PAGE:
Givhan could not be reached for comment.

Hunter focuses on ‘positive, conservative message’

Hunter, who currently serves on the state Board of Education, said in a statement that she is focusing on keeping trained on a “positive, conservative message” in the closing days of the campaign.

“This is the time that backbones can begin to weaken in a campaign and mistakes are made,” she stated. “As for me and my team, we will remain disciplined and on-message through election day, and we’ll have a campaign we can be proud of.”

In the Shelby County House race, Crockett lambasted a different PAC, called the Alabama Federation for Children, which has spent $25,758 in mailers attacking his candidacy. The group, an offshoot of the American Federation for Children, promotes school choice for low-income families.

The chairman of the board, William E. Oberndorf, is a wealthy hedge fund manager from California who supported Republican Mitt Romney’s presidential bids in 2008 and 2012 and backed former Florida Gov. Jeb Bush in the 2016 GOP primaries. But he told The New York Times that he would support Democrat Hillary Clinton over President Donald Trump.

Crockett said the mailers make an unfair and untrue allegation that as a member of the County Commission, he led an effort to sell a municipal sewer system to Southwest Water Corp. He said he, in fact, opposed the sale.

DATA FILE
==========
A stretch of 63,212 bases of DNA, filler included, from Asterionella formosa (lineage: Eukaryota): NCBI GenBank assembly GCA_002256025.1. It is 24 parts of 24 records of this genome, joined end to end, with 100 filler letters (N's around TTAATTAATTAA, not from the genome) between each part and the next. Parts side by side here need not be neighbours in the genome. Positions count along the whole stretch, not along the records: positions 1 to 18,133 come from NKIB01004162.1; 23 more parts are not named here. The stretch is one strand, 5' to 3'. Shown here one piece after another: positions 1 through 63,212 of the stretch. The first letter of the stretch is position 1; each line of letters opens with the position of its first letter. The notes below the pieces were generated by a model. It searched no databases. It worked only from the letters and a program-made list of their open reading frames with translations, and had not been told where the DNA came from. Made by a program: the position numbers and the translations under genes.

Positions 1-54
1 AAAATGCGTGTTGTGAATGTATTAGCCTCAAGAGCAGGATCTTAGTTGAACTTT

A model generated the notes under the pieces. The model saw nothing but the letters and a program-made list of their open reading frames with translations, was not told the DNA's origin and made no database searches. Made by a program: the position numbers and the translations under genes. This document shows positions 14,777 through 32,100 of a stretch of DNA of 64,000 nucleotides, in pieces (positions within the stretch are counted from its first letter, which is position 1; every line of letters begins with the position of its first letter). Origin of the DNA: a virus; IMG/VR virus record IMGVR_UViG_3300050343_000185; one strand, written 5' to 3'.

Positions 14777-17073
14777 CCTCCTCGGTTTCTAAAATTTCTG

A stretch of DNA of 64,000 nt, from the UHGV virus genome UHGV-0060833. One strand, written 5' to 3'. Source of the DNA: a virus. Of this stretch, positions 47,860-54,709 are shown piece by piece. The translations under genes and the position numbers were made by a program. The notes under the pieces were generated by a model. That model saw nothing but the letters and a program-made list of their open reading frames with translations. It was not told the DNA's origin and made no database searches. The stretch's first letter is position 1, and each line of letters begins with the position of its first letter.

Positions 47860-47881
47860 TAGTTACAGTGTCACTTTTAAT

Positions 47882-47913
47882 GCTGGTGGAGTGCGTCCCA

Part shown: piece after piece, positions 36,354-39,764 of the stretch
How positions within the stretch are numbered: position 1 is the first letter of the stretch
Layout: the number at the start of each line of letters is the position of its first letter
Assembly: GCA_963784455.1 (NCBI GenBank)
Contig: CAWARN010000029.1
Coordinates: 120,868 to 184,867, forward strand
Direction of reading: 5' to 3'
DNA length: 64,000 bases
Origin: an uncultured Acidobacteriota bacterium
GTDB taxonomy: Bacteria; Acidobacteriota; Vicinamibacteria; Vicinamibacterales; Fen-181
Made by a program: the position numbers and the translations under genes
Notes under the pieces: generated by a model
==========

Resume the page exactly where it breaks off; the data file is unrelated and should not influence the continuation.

Crockett blamed Drake for the attacks.

“He’s got a problem, so he’s attacked me,” he said.

Drake said he has nothing to do with the mailers and had not even heard of the PAC until a reporter told him Thursday night. He said his campaign was positive until he was forced to respond.

“It was never negative until he told a pack of lies about me two weeks ago,” he said.

Such intra-party squabbles likely will become more common the longer the Republican Party remains dominant, said Brown, the Athens State political scientist. He said the Democrats for years had various competing factions.

Lathan, the party chairwoman, said the GOP is in a strong position — even if a side effect is occasional difficulties maintaining party unity.

“At some point, we hope that people who run for office are good, patriot, servants who want to serve their counties and state through a conservative lens,” she said.